Social media, the zeitgeist barometer, though indicates a different Holi to me this year. On the one hand, there are people talking about the HoliCow party – stripping holi to its most basic ritual, and turning it into a modern dance banality. And on the other, there’s concerned city folks who are advocating abstention from the whole thing – save water/ “Think of the poor” – droughts across India/ natural herbal colors as replacement for the more energetic color+water combination.

(Should we blame this on ACs? I have a hypothesis – Holi will be played more vigorously in towns where there is low penetration of Air-Condition machines. There is a correlation between ‘forever weather’ (AC) and demise of ‘weather/ time rituals’ (festivals such as Holi.). (note to self – death of time.))

Both attitudes indicate a basic degeneration of the festival. I would concern myself with the later for this post.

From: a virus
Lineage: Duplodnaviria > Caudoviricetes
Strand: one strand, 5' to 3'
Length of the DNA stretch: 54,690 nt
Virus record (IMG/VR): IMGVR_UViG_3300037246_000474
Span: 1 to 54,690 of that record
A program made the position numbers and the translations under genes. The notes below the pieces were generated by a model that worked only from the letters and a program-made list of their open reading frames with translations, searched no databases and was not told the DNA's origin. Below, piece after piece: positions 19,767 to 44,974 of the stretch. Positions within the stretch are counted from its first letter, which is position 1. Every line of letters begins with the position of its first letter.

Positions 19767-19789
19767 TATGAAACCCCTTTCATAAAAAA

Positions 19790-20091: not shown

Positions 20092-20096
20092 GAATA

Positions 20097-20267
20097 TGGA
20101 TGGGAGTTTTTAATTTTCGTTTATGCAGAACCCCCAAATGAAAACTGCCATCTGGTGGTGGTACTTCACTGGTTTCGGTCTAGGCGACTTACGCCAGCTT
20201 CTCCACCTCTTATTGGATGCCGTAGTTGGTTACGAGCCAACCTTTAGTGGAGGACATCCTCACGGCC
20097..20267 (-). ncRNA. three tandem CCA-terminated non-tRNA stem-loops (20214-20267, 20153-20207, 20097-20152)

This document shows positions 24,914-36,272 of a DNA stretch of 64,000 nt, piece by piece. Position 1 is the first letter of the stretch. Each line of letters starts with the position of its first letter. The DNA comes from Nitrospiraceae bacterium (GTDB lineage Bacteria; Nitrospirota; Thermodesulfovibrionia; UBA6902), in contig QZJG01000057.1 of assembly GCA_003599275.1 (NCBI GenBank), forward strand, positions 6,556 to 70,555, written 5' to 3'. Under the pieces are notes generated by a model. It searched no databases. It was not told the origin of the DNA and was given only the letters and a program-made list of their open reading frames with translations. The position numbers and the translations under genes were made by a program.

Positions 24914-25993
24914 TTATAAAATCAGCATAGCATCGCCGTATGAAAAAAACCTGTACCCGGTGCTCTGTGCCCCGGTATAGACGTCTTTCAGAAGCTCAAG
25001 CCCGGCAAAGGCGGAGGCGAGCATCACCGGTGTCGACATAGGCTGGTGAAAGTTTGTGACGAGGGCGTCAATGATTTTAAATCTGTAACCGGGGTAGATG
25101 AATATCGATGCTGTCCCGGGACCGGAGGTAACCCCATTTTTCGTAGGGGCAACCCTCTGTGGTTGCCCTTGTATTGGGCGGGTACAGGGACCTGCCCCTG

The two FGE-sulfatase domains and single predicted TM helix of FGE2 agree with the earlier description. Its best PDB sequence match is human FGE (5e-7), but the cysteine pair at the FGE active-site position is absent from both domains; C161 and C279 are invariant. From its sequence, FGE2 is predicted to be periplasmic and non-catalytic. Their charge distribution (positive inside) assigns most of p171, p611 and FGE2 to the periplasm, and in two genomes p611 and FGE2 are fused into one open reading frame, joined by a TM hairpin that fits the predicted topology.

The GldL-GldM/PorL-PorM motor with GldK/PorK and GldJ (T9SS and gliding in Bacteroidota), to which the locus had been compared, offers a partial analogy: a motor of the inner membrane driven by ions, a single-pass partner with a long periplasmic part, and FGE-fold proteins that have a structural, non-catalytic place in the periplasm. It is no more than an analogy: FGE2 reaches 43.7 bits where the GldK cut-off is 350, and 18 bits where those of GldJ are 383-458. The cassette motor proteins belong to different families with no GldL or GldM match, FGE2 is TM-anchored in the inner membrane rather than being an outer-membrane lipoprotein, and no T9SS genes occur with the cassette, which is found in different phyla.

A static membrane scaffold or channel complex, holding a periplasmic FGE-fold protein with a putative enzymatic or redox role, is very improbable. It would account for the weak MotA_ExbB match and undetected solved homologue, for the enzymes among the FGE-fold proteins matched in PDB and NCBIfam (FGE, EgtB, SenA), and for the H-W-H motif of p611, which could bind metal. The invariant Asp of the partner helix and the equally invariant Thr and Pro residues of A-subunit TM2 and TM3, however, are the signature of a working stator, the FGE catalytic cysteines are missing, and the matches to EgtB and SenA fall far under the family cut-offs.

Old tradition – the sacrificial lamb on the altar of new gods
The Hindu society has no crucifixion equivalent central narrative of a knowing and willful sacrifice (not that I know of). But with the western media consumption, there is an appreciation for such a sacrifice and an implicit sense of sin, though it might manifest differently.
“Ecology is the new opium of the masses, replacing religion” says Slavoy Zizek.

So what that means in this context is – the original sin now, is towards nature – we feel that we are creating an ‘imbalance’ with our acts of excess and dereliction of our effects. While, this sense of original sin towards nature is now almost universal, the implication in India is new.
We (urban Indians) are ‘sacrificing’ our festivals and rituals at the altar of our new religion – ecology. 

The feud: modernity V/s tradition